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Trump’s the likely GOP nominee. He can serve even if convicted of a crime.

Donald Trump is facing felony charges in four separate criminal indictments in three states and Washington, D.C., with a guilty verdict in any of the cases possibly meaning a prison sentence.

The circumstances have raised an often-asked question: Could Trump, or anyone else, be convicted of a felony and serve as commander in chief, possibly from prison?

The short answer, legal experts said, is yes — because the U.S. Constitution does not forbid it.

“The Constitution has a limited set of requirements to be president. You have to be at least 35, a natural-born U.S. citizen and a resident here for at least 14 years,” said UCLA professor Richard L. Hasen, an election law expert.

Hasen said the 14th Amendment, passed by Congress after the Civil War, bars anyone who participated in an insurrection from running for the presidency. But “that’s not what Trump is on trial for in New York, and so there are no other restrictions,” he said, referring to the former president’s first criminal case, scheduled to begin with jury selection Monday.

Nor is Trump charged with insurrection in his other criminal cases.

The scenario might seem counterintuitive, given that numerous states prohibit felons from holding state or local office and even restrict their right to vote. As he has in so many respects, Trump is again testing political norms and demonstrating that just because the nation’s democratic system might not have anticipated an unlikely outcome does not mean it can’t happen.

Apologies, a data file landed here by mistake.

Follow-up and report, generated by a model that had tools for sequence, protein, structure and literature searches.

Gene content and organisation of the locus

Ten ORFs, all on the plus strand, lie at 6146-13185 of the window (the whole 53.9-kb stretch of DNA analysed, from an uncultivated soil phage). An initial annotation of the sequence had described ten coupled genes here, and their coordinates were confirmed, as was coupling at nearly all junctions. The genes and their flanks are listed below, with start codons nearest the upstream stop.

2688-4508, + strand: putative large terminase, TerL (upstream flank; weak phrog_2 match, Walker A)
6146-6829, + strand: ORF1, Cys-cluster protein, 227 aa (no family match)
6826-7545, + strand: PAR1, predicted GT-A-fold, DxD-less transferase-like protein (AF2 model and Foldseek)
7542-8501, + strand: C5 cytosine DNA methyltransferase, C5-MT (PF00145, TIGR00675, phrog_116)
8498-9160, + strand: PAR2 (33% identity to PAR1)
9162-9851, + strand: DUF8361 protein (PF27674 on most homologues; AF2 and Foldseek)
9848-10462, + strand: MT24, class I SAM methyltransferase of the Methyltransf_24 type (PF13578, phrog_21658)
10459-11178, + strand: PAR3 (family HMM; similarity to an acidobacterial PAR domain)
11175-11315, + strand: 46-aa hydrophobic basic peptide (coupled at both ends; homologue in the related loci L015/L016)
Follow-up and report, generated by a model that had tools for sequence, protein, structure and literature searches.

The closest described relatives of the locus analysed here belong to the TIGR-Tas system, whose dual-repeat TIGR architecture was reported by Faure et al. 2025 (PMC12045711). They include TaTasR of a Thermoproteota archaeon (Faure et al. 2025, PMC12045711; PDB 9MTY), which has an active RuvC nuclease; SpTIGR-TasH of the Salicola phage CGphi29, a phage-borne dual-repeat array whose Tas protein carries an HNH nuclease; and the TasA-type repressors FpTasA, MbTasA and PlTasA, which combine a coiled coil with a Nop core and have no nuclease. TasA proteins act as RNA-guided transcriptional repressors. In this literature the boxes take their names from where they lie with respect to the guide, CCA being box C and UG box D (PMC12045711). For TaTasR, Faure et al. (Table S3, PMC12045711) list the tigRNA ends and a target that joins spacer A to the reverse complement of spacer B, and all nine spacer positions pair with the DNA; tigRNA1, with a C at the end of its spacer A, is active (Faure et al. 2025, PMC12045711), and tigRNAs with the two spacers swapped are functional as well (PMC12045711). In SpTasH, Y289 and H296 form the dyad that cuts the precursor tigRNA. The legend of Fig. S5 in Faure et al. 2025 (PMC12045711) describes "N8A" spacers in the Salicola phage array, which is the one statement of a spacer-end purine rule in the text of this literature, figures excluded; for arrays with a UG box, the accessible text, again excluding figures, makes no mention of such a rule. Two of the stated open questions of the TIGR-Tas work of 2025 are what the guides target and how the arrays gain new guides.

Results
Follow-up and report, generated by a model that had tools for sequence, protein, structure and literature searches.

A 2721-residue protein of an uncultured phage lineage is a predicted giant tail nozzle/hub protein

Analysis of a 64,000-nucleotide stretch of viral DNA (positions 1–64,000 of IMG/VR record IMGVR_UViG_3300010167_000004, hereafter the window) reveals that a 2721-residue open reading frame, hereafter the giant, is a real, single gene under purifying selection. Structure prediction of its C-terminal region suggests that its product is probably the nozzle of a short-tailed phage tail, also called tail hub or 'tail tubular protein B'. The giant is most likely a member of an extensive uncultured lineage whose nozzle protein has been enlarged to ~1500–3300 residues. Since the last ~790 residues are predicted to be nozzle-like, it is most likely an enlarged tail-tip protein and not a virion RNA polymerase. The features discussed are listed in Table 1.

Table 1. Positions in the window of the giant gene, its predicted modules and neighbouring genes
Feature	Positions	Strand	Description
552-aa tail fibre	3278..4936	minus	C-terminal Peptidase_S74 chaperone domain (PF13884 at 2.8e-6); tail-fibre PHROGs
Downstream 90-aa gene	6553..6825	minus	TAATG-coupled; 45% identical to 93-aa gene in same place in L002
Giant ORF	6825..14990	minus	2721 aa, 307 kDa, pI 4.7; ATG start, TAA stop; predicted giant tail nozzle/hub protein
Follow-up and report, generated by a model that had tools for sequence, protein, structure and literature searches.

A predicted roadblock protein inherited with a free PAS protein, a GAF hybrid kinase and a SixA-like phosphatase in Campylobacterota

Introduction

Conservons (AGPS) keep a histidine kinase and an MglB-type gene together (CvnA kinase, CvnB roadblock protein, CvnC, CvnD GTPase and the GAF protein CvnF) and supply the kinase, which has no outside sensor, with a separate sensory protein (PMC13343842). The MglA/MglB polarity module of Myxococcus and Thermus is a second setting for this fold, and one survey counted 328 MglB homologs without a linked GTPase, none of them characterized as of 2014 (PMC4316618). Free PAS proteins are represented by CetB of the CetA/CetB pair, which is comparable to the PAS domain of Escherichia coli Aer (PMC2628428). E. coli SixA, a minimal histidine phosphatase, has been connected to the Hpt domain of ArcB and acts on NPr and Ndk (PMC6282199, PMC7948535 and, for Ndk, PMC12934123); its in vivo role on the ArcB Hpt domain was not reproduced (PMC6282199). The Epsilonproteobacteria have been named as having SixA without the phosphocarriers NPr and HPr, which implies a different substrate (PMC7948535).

Trump is charged in state court in New York with falsifying business records to conceal a hush money payment from voters in the 2016 election. He also faces charges in federal court in D.C. and state court in Georgia related to trying to overturn the results of the 2020 election. In Florida, he is under federal indictment for allegedly mishandling classified materials after leaving the White House and obstructing government efforts to retrieve them.

He has pleaded not guilty to all 88 counts that he faces.

In drafting the Constitution, the framers did not seriously consider that someone convicted of a significant crime would be a viable candidate for the White House, said Kimberly Wehle, a law professor at the University of Baltimore. Instead, she said, such a person presumably would be stunted in their political rise and unlikely to reach the highest levels of the American political system.

Applicants for many federal jobs, particularly in the intelligence and defense agencies, cannot pass background checks to gain high-level national security clearances if they have a criminal record. Why Congress, in passing the 14th Amendment, did not go further to ban all felons from the presidency is a question of political will, Wehle said.

“Why are we as a country so allergic to the idea of ensuring that people who reach that unparalleled position of power are subject to the same considerations and requirements that many people under his chain of command, and who hold regular jobs, have to comply with?” Wehle said.